Because of their own preparedness, it should never take a long time for an interviewer to come up with their next question. If you’ve answered something and they seem to be struggling to come up with another question, it’s because they’ve gone ‘off script.’ This is a sign that they don’t want to go through the rest of the process with you, and are trying to think of quick questions that can help the interview to wrap up faster.
If you notice that your interviewer seems to only be asking random questions that take a long time to come up with, they probably don’t want to hire you.
Another clear sign is if your interviewer starts asking more general questions that really have nothing to do with the job. It’s not uncommon for interviewers to ask you more about yourself. But, if they ask you something that you know won’t be helpful in the hiring process, you can assume the worst. It’s likely they are just trying to pass the time of your interview until the next person comes along.
In a good interview, you might hear throughout the process that the interviewer thinks you would be good for the job based on your skills. This is a great feeling and can help to give you confidence in getting hired. Unfortunately, it can also go the opposite way, which is a sign that you’re not being considered.
Your potential employer should only discuss you and not other candidates if they think you’d be a good fit for the job. If they start talking about other people they’ve interviewed and compared them to the skills you have to offer, it’s unlikely you’ll get the job. They clearly already have someone else in mind.
What you can do, though, is use this particular ‘sign’ as a learning tool. Every business is looking for something different when it comes to the people they hire. But, pay attention to the skills and traits your interviewer is talking about when it comes to other candidates. It can be a good idea to try adopting some of those skills and traits yourself. If they are what interviewers are looking for, they can help you at your next meeting.
If an employer wants to hire you, they’ll want to make sure you know as much about the company and job position as possible. In some cases, they may even try to ‘sell’ you on it because they want you on board.
What an interviewer should cover includes everything from what you can expect from the job, like daily and long-term responsibilities. They may also tell you what the day-to-day environment is like, or where the company is expected to go as far as growth is concerned. The more positive things they can tell you about what to expect, the better.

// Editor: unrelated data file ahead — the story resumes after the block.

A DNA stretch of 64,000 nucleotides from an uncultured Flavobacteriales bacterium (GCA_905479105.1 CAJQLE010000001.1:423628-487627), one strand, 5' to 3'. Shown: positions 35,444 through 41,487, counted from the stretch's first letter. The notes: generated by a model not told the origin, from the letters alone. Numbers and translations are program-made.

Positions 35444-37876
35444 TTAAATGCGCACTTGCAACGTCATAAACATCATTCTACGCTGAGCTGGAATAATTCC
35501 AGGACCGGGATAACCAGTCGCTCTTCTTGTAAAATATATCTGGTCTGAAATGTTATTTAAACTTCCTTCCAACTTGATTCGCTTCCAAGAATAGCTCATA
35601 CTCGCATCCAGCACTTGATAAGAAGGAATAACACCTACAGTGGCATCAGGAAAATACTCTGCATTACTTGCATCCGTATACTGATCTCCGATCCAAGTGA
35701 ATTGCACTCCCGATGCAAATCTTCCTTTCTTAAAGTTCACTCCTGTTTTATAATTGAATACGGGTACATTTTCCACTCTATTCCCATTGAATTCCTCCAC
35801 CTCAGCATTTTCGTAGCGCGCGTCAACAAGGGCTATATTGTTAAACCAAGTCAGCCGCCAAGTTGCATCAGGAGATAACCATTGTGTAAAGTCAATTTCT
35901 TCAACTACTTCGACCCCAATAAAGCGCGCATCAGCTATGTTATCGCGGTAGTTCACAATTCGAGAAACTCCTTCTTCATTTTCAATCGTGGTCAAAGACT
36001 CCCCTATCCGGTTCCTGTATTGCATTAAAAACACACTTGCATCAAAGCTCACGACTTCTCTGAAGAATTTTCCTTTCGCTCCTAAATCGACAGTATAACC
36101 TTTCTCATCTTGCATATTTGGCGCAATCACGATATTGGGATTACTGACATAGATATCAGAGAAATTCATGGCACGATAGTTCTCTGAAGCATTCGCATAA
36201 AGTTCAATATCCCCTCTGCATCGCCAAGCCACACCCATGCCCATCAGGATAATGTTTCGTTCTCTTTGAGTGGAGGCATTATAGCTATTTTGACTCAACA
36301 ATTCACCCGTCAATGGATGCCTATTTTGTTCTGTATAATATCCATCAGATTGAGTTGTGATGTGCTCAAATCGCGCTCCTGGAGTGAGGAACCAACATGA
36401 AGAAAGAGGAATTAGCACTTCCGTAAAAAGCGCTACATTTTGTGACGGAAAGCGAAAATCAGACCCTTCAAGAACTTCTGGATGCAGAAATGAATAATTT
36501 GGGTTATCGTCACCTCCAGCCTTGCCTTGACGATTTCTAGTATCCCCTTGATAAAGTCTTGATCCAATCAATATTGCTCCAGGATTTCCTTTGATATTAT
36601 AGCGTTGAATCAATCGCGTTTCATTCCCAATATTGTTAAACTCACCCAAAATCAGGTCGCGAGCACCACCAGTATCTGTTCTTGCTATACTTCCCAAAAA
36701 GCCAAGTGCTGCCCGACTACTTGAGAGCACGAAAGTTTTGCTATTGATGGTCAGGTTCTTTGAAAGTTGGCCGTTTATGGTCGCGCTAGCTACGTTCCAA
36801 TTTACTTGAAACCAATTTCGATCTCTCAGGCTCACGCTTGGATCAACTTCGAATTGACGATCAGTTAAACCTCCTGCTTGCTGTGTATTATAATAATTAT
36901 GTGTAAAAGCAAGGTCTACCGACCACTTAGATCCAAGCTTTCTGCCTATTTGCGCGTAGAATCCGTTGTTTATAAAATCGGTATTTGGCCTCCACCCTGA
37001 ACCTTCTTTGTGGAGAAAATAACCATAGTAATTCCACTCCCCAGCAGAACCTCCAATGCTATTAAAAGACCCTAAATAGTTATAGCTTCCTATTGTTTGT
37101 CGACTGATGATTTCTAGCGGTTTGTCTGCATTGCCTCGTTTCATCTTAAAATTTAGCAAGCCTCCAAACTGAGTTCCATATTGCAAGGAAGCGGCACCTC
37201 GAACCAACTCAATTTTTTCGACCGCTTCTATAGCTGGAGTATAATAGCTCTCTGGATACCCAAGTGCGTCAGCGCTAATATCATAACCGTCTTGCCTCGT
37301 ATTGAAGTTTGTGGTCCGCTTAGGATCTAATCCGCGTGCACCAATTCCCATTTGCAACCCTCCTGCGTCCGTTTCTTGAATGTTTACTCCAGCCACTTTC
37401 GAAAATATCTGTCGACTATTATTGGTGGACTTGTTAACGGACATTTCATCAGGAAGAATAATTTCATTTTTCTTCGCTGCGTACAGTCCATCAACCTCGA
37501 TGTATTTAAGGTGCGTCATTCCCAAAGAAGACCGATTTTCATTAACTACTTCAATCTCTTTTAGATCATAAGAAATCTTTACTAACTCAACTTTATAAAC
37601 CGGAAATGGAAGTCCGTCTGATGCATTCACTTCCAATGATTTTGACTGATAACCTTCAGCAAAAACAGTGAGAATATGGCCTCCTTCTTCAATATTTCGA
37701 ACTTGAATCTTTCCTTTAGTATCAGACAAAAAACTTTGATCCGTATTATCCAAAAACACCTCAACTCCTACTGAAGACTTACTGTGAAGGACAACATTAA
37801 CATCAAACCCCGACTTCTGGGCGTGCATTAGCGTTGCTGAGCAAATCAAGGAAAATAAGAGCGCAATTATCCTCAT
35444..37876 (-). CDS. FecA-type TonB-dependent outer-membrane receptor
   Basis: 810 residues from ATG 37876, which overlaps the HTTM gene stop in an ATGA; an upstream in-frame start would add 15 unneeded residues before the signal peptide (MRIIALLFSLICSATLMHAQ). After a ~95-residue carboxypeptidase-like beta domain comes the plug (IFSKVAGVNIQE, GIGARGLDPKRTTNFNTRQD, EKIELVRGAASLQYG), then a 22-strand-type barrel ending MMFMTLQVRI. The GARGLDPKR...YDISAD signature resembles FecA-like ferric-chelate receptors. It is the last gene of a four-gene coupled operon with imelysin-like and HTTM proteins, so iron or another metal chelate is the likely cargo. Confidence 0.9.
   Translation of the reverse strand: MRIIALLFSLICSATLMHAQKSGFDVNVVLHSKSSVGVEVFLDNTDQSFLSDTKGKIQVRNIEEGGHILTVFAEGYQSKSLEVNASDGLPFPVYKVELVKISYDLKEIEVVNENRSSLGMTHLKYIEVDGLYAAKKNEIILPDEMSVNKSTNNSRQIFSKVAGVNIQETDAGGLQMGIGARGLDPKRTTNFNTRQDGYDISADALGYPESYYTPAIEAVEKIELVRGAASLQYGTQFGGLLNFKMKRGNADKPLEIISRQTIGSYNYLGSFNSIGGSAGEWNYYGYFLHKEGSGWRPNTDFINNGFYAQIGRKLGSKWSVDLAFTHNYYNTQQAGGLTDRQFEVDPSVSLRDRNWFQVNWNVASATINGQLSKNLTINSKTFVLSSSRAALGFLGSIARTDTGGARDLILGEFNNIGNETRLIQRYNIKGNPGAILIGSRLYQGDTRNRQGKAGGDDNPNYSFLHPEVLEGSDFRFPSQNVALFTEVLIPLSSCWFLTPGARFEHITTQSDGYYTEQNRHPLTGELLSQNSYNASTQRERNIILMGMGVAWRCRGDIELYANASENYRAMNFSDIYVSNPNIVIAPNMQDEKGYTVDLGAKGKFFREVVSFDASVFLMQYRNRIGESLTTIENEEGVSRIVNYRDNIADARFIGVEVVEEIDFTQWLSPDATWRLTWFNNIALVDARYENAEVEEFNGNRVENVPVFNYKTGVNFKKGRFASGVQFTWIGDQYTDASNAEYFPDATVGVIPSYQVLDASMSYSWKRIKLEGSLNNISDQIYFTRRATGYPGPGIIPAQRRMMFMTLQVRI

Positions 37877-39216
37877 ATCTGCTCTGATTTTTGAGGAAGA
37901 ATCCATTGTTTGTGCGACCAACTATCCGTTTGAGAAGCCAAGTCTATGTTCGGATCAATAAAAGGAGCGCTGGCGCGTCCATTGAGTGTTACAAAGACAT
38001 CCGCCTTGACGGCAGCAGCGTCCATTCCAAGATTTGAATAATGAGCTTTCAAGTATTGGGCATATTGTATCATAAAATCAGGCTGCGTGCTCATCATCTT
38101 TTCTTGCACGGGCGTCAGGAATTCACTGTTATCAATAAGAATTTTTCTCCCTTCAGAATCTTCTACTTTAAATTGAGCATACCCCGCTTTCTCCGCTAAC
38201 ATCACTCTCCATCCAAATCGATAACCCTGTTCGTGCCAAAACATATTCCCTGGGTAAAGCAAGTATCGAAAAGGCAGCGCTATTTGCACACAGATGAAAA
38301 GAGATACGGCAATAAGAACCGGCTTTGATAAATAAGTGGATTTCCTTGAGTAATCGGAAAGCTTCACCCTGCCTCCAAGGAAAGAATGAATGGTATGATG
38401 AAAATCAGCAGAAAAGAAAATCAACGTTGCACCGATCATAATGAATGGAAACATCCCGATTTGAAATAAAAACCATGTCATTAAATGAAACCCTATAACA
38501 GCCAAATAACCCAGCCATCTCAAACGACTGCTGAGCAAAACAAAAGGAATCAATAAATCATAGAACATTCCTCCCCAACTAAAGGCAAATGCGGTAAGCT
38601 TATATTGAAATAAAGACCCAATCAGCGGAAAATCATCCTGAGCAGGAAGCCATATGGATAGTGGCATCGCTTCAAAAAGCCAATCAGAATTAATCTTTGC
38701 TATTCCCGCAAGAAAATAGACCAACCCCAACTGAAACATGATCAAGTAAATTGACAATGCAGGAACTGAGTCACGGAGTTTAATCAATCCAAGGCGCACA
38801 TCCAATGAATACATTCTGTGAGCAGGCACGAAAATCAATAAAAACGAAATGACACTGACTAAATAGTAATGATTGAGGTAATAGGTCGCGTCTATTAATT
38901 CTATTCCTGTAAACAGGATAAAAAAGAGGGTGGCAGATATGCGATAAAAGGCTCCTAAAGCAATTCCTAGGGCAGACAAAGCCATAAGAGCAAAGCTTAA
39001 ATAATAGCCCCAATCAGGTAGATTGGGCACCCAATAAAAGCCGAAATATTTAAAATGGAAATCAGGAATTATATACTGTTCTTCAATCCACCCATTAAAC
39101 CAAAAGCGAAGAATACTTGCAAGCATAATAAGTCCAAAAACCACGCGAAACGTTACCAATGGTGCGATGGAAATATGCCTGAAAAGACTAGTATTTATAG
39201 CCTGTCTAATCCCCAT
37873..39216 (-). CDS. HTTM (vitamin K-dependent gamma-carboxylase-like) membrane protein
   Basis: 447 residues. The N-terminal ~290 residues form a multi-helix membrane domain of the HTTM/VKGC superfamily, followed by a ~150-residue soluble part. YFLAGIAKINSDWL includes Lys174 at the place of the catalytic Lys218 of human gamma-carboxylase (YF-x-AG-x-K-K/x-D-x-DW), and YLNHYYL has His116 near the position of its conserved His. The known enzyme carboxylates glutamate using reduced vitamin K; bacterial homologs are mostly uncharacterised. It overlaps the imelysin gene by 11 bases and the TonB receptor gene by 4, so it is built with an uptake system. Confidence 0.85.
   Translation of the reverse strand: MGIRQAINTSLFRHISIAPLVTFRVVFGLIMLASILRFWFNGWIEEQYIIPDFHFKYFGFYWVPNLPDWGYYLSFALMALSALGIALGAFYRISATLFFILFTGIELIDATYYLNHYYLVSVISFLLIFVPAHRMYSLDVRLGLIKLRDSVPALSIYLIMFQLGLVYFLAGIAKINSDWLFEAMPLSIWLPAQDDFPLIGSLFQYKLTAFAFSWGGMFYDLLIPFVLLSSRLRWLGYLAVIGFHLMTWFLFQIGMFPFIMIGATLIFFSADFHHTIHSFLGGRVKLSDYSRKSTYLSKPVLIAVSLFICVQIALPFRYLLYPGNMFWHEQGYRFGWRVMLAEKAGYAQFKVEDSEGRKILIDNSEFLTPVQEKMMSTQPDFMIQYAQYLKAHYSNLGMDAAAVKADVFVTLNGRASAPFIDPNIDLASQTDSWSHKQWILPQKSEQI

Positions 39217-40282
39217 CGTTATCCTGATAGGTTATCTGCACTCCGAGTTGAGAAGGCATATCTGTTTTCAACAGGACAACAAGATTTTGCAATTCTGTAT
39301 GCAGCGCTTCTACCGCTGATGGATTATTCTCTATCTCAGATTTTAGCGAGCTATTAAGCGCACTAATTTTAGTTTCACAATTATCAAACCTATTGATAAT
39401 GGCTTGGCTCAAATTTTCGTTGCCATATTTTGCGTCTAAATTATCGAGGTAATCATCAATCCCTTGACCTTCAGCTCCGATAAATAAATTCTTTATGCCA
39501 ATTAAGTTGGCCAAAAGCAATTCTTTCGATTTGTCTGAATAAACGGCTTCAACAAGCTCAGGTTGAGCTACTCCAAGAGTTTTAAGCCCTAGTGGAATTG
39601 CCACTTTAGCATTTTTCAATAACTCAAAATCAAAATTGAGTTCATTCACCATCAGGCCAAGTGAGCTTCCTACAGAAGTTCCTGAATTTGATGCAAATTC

But, if your interviewer is vague and doesn’t go over any of the specific job responsibilities, it isn’t a good sign. They may not see a point in telling you the details of a job or business that they know you won’t get hired into. You can ask questions about the position, of course, but unless your interviewer is willing to dive into some detail, it’s unlikely they’re interested in you.
Maybe you were able to get an interview based on a resume you sent to the company. This is a good sign that they’re interested in you based on either your skills or past job experiences. But, it’s not enough to rely solely on your resume. The interview process could still be uncomfortable and unsuccessful, even if you have a glowing resume. After all, it is just a piece of paper.
If the interviewer continues to only focus on your resume and ask questions based on the information from it, they probably aren’t interested in you. A sign of a good interview is when the interviewer asks you questions about yourself and wants you to expand on the information from your resume, not just stick to it.
This is a perfect example of ‘looking good on paper.’ You may have the qualifications for a certain job, but it takes more than that to be a good fit. Your interviewer will likely be able to pick up on whether you are a strong candidate right away. So, if they only seem to want to stick to your resume, it’s a clear sign that they don’t think you have all the skills or personality needed to fit the job.
There are occasions when the signs listed so far can just be a coincidence. Maybe your interviewer is having a bad day. Or, maybe they are rushing through things. But, it’s the proper business etiquette for them to recognize these things. For example, if your interview was extremely short, and your interviewer apologizes for it, the duration may not have been because you’re not a good fit for the job.
But, if you feel like the interview went poorly for a variety of reasons and they don’t apologize for it, it’s another sign that they don’t want you. Again, it may not seem like the most polite way to conduct an interview, but it happens frequently. You can give your interviewer the benefit of the doubt for awhile. But, if they don’t admit that things seemed ‘bad’ for no reason, you can assume that they really were just that bad.